Long-term effects of homeopathic treatment in children suffering from attention deficit disorder with and without hyperactivity

  • Klaus von Ammon
  • U Sauter
  • S Kretschmar
  • H Frei
  • A Thurneysen
  • M Frei-Erb

Abstract

Objective: To evaluate clinical and cost-effectiveness of individualised homeopathic treatment of children diagnosed with attention deficit hyperactivity disorder (ADHD) between age 6 and 16 during 10 years. Methods: Public lectures made families with inattentive or hyperactive children children getting interested in a randomized, double blind, placebo controlled trial (RCT), embedded in a prospective observational study. After diagnostic screening and a primary run-in phase of homeopathic treatment, crossover RCT was followed by open-label long-term follow-up and cost-effectiveness evaluation. At diagnosis, beginning of, and after each crossover period, and at yearly intervals during long-term follow-up, parents reported Conners’ Global Index (CGI, 10 items, rated 0-3 points each; primary variable) by questionnaire or telephone interview. Results: A total of 140 children was recruited, 43 were excluded by a screening questionnaire, another 14 did not meet strict diagnostic criteria (according to DSM-IV), resulting in 83 children treated with individually prescribed homeopathic remedies. As 13 patients did not improve at least 50% in CGI values (RCT inclusion criterion), the remaining 62 children (84%) participated in, and 58 finished the double-blind cross-over RCT phase. After ten years of open-label therapy, 56/62 children were eligible for follow-up (90%). According to ITT-analysis, 38/62 (62%) children were without any homeopathic (HOM) or medical treatment. In the remaining children, successful results were achieved in 6 with HOM, 9 with methylphenidate (MPH) and 3 with both, HOM and MPH. During cross-over RCT, CGI values detected clinically and statistically significant differences in verum and placebo phase, respectively. Cost-effectiveness evaluation demonstrated non-inferiority of homeopathic treatment compared to stimulant treatment, even in the first year including case-taking and repertory analysis. Discussion: The innovative design of this study enabled both, to show clinical and cost-effectiveness of integrated homeopathic treatment in children dignosed with ADHD, and to detect a specific effect of the individual homeopathic remedy. The clinical result is comparable to conventional stimulant treatment. This again raises the question about the mode of action of homeopathically potentized substances. Conclusion: In children with ADHD, individualized homeopathic therapy and conventional stimulant treatment have comparable both, clinically significant, and specific effects persistent over ten years.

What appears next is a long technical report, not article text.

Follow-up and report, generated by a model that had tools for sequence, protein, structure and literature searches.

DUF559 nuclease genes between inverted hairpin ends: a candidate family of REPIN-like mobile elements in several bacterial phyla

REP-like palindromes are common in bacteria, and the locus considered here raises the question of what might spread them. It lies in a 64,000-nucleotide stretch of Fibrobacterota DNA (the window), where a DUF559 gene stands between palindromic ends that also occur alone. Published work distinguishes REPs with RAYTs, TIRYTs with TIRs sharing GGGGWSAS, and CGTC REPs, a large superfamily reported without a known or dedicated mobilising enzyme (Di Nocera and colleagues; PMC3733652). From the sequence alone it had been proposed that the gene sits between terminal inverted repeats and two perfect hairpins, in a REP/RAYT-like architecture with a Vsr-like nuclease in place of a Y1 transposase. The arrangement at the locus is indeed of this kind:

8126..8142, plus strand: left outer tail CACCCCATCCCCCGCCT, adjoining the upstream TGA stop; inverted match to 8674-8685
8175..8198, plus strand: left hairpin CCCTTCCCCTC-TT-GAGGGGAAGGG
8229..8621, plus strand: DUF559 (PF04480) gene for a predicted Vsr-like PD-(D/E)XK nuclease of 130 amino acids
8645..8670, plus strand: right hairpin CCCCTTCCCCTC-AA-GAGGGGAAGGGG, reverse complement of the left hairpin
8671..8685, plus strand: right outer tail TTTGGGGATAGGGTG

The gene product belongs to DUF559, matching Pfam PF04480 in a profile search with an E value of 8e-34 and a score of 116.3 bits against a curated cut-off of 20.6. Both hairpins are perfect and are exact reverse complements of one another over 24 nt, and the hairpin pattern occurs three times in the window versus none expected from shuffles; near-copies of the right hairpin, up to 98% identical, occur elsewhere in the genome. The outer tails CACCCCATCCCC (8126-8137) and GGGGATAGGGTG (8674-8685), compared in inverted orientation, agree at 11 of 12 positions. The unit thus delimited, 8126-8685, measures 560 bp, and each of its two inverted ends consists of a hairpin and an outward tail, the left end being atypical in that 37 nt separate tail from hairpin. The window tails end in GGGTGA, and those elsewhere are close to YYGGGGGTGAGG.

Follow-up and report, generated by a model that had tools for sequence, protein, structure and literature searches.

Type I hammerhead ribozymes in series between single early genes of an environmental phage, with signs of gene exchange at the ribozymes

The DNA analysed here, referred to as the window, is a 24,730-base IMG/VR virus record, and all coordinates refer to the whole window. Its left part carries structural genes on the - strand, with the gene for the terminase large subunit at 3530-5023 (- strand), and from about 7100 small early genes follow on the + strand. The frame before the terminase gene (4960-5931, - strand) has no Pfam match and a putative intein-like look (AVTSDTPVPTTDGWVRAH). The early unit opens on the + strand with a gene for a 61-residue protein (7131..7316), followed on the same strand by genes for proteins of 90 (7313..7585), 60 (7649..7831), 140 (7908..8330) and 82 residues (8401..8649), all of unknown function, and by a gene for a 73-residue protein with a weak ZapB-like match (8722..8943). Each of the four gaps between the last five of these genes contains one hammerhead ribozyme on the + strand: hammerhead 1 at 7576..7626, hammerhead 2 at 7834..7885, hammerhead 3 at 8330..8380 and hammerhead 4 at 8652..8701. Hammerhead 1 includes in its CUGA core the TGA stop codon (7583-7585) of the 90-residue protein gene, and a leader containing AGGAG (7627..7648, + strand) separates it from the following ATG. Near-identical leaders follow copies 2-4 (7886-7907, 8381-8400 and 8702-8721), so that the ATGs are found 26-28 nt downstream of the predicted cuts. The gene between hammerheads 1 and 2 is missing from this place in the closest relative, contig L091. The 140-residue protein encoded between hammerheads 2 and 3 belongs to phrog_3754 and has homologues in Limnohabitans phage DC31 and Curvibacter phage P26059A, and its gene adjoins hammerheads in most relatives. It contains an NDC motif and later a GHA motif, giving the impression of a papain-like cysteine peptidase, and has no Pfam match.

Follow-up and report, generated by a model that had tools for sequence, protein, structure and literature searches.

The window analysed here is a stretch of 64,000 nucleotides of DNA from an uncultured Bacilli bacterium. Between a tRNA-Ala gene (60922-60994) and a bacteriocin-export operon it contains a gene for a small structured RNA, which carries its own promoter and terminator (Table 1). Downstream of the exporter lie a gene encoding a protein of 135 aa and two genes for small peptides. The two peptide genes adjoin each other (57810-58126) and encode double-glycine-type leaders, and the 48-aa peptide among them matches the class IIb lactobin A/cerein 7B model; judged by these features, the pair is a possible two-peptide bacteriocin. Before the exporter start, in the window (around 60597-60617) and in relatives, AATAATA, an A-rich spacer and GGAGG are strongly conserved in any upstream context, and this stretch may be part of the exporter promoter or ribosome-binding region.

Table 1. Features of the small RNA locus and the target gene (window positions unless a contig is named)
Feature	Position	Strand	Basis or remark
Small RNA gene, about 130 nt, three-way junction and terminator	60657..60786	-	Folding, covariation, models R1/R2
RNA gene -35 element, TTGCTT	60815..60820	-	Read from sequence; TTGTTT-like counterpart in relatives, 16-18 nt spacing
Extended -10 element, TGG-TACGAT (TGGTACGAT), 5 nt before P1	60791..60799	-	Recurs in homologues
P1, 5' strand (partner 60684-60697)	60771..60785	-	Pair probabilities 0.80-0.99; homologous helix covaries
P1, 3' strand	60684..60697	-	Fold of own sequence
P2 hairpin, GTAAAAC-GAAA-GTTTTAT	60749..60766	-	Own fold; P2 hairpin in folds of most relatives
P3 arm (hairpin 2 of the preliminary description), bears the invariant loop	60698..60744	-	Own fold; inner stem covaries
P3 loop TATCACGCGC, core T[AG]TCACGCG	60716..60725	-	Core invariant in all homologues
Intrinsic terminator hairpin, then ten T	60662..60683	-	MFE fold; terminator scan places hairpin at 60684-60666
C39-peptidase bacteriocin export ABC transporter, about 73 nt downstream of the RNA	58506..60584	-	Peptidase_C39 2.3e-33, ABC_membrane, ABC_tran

Published
2013-08-26